5. Attend an interview at the US Embassy in London or the US Consulate in Belfast: You will receive written confirmation of the date and time of the scheduled appointment and the receipt for the MRV (machine readable visa) application. You must bring the Non-immigrant Visa Interview Confirmation letter and MRV Fee receipt with you for presentation to the security guards at the gate. Check the date and time. Please do not arrive at the Embassy more than 30 minutes before the scheduled appointment time. The Embassy advises that you do not take along any mobile phones or any electronic devices (such as blackberries, IPods, or PDAs) nor large bags, such as backpacks, suitcases or packages as they are not allowed within the Embassy. Please note that if you attend an interview in Belfast and are travelling by plane, you will need to take an additional photo ID for your return plane journey. In addition, on the day of your interview, a set of your fingerprints will be electronically scanned. If you have a cut or blister on any of your fingers or thumbs, your application will not be processed. You will be required to reschedule an appointment for a later date. Please ensure you take the following to your visa interview: ( ) a) Current passport (with at least one blank page), which is valid until at least six months after the end of your academic programme in the USA b) Completed forms DS-156 (DS-157 if applicable) and DS-158 c) Signed and dated I-20 or DS-2019 Form d) One photo that complies with US Embassy requirements (see for further details). Regular passport photos will not be accepted. Snappy Snaps photographers offer the correct sizing photographs for US visa applications – see to find your nearest store. e) Proof of payment of the visa application / MRV fee f) Proof of payment of the SEVIS fee (printed receipt) g) Documentation of intent to return to your country of residence; for example, a short letter from the University of Kent stating that you are a continuing student and will be resuming studies at your home university on return to the UK the following academic year h) A copy of the financial documentation submitted with your application showing that you have sufficient funds to cover all your expenses while in the USA i) Copies of your A-Level (or equivalent) certificates, plus a transcript of your university grades to date j) £13.50 (payable in cash or by debit/credit card) to pay the Special Mail Services (SMS) at the US Embassy or Consulate. Please note that SMS is a courier agency contracted to the US Embassy and they have a desk located in the Visa Branch

Waiting Room at the US Embassy or Consulate. On the day of your visa interview you will be required to purchase an envelope from them for the return of your passport once visa processing has been completed. k) The written confirmation of your visa interview date and time The appointment at the US Embassy should be fairly straight-forward if all of your documents are in order. There are often long waits at the Embassy though (4 hours is not unusual!), so it is a good idea to take a good book with you while you wait.

NON-UK CITIZENS ONLY: You will normally have to apply for your US visa at a US Embassy or Consulate in your home country / country of citizenship. We recommend you visit the US Embassy website ( for up to date information and also call the US Embassy in London to check whether you might be able to apply from the UK. If you are not a UK citizen, you should pay particular attention to changes posted on the US Embassy website and will need to bear in mind that your application may take longer to process. Notes available at also provide more information.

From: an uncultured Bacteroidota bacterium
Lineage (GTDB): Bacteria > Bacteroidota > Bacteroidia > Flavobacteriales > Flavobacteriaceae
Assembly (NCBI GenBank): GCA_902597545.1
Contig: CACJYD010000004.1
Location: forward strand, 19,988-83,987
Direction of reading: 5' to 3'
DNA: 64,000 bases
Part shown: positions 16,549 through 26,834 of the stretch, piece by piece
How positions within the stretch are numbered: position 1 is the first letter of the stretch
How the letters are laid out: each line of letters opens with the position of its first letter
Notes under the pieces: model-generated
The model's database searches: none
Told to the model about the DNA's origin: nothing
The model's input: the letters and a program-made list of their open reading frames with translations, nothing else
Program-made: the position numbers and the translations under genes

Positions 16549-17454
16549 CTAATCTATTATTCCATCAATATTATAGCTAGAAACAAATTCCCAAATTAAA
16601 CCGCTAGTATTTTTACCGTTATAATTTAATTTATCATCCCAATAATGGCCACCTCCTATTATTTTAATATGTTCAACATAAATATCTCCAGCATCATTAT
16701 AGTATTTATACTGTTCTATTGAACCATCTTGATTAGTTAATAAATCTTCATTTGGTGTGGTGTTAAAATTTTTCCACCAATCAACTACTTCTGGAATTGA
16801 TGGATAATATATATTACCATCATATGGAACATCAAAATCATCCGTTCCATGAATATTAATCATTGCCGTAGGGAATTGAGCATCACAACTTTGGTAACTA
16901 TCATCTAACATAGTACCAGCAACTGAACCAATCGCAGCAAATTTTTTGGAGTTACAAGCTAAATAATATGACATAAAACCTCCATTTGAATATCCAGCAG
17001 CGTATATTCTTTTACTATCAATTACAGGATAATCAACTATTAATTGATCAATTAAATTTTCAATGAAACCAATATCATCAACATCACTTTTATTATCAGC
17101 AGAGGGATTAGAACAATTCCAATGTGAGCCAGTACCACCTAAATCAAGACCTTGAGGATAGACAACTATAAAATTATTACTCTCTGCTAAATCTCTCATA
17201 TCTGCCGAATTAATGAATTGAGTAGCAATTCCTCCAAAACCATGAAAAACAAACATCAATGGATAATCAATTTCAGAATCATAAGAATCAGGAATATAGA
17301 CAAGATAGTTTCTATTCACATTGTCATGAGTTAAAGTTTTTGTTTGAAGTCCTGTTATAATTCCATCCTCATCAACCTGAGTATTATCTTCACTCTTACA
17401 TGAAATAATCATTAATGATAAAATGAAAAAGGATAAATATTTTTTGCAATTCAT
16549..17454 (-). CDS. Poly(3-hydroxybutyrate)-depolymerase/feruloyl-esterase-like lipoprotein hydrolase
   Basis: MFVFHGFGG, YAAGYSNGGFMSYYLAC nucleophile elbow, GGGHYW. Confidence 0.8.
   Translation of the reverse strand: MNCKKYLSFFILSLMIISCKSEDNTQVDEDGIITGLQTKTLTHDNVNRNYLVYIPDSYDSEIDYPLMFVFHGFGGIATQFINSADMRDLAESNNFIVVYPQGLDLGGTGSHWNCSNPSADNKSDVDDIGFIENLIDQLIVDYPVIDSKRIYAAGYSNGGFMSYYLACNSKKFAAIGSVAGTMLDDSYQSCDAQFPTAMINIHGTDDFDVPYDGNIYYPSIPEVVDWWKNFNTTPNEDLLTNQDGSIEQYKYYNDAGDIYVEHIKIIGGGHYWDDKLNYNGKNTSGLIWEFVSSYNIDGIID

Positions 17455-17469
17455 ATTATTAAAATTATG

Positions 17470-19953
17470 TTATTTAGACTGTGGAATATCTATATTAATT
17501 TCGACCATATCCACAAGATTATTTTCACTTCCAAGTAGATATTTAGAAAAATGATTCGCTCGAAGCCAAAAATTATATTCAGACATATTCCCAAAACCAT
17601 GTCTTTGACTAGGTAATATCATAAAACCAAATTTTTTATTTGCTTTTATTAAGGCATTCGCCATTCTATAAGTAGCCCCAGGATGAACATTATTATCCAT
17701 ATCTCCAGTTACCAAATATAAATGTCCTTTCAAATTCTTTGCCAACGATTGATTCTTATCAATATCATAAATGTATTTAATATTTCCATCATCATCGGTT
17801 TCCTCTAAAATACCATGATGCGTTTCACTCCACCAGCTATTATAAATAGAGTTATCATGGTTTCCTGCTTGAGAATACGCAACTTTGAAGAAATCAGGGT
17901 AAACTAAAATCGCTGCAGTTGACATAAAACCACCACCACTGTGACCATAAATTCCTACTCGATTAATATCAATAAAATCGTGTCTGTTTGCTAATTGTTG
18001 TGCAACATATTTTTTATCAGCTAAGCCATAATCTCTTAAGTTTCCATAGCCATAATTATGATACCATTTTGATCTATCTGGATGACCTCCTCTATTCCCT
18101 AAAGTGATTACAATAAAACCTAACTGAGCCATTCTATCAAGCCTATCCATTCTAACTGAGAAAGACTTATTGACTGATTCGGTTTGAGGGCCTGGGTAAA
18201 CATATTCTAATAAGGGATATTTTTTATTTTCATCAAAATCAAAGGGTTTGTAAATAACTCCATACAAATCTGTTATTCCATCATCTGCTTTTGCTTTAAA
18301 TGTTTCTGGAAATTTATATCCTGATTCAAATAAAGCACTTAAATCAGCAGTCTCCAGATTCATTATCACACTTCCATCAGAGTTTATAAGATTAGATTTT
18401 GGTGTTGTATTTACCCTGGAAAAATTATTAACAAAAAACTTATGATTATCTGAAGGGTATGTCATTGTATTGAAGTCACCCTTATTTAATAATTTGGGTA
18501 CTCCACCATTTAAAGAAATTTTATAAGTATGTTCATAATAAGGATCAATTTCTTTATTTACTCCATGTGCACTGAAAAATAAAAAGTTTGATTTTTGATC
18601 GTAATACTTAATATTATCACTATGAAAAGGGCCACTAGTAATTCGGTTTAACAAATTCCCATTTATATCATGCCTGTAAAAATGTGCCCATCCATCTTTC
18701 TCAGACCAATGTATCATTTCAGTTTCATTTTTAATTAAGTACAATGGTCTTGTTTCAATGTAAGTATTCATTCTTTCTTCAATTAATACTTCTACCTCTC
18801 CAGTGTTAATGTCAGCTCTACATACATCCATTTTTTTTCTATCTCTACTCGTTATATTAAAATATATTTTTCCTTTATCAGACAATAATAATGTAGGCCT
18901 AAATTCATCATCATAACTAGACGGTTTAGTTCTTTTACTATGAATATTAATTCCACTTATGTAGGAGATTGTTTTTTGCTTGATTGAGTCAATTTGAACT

If your visa application has been successful, your I-20 or DS-2019 will be returned to you with your passport and visa stamp. Remember that the I-20 or DS-2019 are very important documents and should ALWAYS be carried with the passport during your year abroad. It is also necessary to have your DS-2019 or I-20 signed by a designated signatory officer (DSO) at the international student office on your host university campus if you travel outside the US during your year abroad (including if you return home to the UK for Christmas or Easter holidays). The immigration officer at the port of entry to the US will not allow you to (re-)enter US territory without a signed I-20 or DS-2019. NOTE: This also applies for visits to Canada and Mexico. Students should contact the International Office at the University of Kent if they have not received their I-20 or DS-2019 three months before they plan to depart for the USA. During the flight to the USA, you will also be given an I-94 Arrival / Departure Record Card. You will need to complete this and the document will then be stamped by Immigration at the port of entry (i.e. at the airport immigration desk). Keep the I-94 record card with your passport at all times. ARRIVAL DATE AND DEPARTURE DATE RESTRICTIONS: Students on both J-1 and F-1 visas can enter the USA up to 30 days before the designated start date on the Certificate of Eligibility, assuming the processed visa has been received back from the US Embassy before departing for the USA. Do not, under any circumstances, attempt to enter the USA without your visa. F-1 visa holders have a so-called ‘period of grace’, which allows them to remain in the USA for up to 60 days after the last date indicated on their I-20, while J-1 visa holders can remain in the country for up to 30 days past the date indicated on their DS-2019.